Fifty years ago this month Massachusetts U.S. Sen. John F. Kennedy was elected the 35th president of the United States.

As I was reading some of the quotes that Kennedy had made both during his campaign and after his election, one thing became very clear — times have changed. Now I know it may not be fair to compare such a gifted speaker with some of today’s candidates, but the contrast is striking. I think that it shows not only a decline in the ability of candidates to express themselves, but it speaks to a gradual decay in the use of language.

Most Americans are familiar with the words President Kennedy spoke during his inaugural speech on Jan. 20, 1961. “My fellow Americans, ask not what your country can do for you, ask what you can do for your country.” Of course many Americans are also familiar with the words that Delaware GOP Senate candidate Christine O’Donnell said during her just concluded, unsuccessful campaign: “I am not a witch… I am you.”

Kennedy’s words have been often repeated and seared into our collective memories, and somehow I think that O’Donnell’s words will also be remembered for a long time.

Kennedy once stated: “Let us not seek the Republican answer or the Democratic answer, but the right answer. Let us not seek to fix blame for the past. Let us accept our own responsibility for the future.” Wise words relevant some 50 years later. Nevada Republican U.S. Senate candidate Sharron Angle, debating incumbent Democrat Harry Reid about Social Security, chose these words: “Man-up, Harry Reid.”

I get the feeling that Angle’s words lack a little of Kennedy’s diplomacy and statesmanship.

In the summer of 1963, President Kennedy visited the Berlin Wall in West Berlin. He spoke to the residents of that divided city. “All free men, wherever they may live, are citizens of Berlin, and therefore, as a free man, I take pride in the words ‘Ich bin ein Berliner.'” When Joe Miller, Republican candidate for U.S. Senate in Alaska, was asked about illegal immigration he stated: “The first thing that has to be done is secure the border…East Germany was very, very able to reduce the flow. Obviously other things were involved.”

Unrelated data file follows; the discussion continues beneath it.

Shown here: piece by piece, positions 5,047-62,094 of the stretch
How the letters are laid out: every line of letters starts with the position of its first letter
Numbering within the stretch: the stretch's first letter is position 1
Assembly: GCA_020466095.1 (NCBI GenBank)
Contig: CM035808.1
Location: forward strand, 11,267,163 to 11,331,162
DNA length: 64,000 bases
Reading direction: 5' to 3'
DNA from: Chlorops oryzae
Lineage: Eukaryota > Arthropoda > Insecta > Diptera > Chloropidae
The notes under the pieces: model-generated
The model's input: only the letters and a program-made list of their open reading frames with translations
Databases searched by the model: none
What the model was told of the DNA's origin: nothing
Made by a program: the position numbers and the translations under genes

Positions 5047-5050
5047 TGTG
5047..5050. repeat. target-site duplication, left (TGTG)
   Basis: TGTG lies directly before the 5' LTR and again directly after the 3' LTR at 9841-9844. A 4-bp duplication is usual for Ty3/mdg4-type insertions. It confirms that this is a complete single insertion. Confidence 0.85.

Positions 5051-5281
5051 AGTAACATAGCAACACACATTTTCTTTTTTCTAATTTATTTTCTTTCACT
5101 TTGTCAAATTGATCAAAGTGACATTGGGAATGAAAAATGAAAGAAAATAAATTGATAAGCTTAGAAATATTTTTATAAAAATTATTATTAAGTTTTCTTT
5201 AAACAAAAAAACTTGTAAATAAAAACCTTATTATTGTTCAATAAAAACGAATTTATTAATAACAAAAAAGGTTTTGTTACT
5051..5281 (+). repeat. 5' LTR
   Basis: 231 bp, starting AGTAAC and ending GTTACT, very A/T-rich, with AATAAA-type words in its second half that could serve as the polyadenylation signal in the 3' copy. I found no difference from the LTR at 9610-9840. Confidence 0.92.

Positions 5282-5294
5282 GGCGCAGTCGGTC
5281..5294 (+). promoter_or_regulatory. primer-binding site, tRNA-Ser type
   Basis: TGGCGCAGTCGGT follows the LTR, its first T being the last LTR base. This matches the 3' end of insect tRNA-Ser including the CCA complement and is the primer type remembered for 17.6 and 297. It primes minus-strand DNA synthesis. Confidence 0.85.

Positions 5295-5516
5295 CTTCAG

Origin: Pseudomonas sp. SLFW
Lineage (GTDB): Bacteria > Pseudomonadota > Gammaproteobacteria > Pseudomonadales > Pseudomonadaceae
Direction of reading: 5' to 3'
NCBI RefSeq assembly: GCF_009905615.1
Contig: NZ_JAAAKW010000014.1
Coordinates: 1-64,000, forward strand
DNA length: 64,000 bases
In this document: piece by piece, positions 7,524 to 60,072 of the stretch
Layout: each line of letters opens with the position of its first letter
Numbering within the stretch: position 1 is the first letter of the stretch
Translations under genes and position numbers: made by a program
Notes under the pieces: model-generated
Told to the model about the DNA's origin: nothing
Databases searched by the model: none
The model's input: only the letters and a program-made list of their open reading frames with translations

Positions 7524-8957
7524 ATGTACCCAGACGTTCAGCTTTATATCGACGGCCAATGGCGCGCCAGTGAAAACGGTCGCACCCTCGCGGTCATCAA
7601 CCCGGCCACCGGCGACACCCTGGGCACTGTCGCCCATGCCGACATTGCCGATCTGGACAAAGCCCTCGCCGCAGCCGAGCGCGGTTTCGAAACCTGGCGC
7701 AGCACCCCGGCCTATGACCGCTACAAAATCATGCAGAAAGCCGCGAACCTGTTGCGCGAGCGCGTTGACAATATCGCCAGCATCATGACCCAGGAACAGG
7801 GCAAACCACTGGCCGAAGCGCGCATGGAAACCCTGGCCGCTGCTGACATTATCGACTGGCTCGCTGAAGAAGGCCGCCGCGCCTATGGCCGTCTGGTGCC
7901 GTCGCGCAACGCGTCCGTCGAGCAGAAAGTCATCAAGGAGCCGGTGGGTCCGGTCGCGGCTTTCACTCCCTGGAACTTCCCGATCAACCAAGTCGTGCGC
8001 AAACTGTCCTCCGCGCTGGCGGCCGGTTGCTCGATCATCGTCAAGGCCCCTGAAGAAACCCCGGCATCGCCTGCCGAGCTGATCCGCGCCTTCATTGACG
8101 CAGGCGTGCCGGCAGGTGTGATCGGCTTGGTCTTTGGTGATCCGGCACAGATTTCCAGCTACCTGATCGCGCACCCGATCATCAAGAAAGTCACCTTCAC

Other things such as a wall and soldiers with weapons!

As this session of Congress comes to a close, it will end a 60-year span of a member of the Kennedy family holding an elected office in Washington. From JFK to Bobby to Teddy, they always kept our attention, often through the spoken word. Who can forget Bobby Kennedy stating: “There are those who look at things the way they are, and ask why…I dream of things that never were, and ask why not?”

In this time of so much talk of tax breaks for the wealthiest of Americans, we should not forget President Kennedy’s words: “If a free society cannot help the many who are poor, it cannot save the few who are rich.”

U.S. Sen. Edward Kennedy at the 1980 Democratic Convention spoke these powerful words: “The work goes on, the cause endures, the hope still lives and the dream shall never die.”

Yet with all these words being crafted so skillfully and being delivered by men who studied the language, who understood the power of the spoken word, who read and recited poetry not only for its beauty but with the understanding that every word, every phrase, could capture the hearts and minds of its listener, still we are subjected to Frank Caprio. It was Rhode Island Democratic gubernatorial candidate Caprio who said: The president can take his endorsement “and really shove it.”

Times have changed.

Jim O’Loughlin is a former Dracut selectman who writes an occasional column for The Valley Dispatch and The Sun.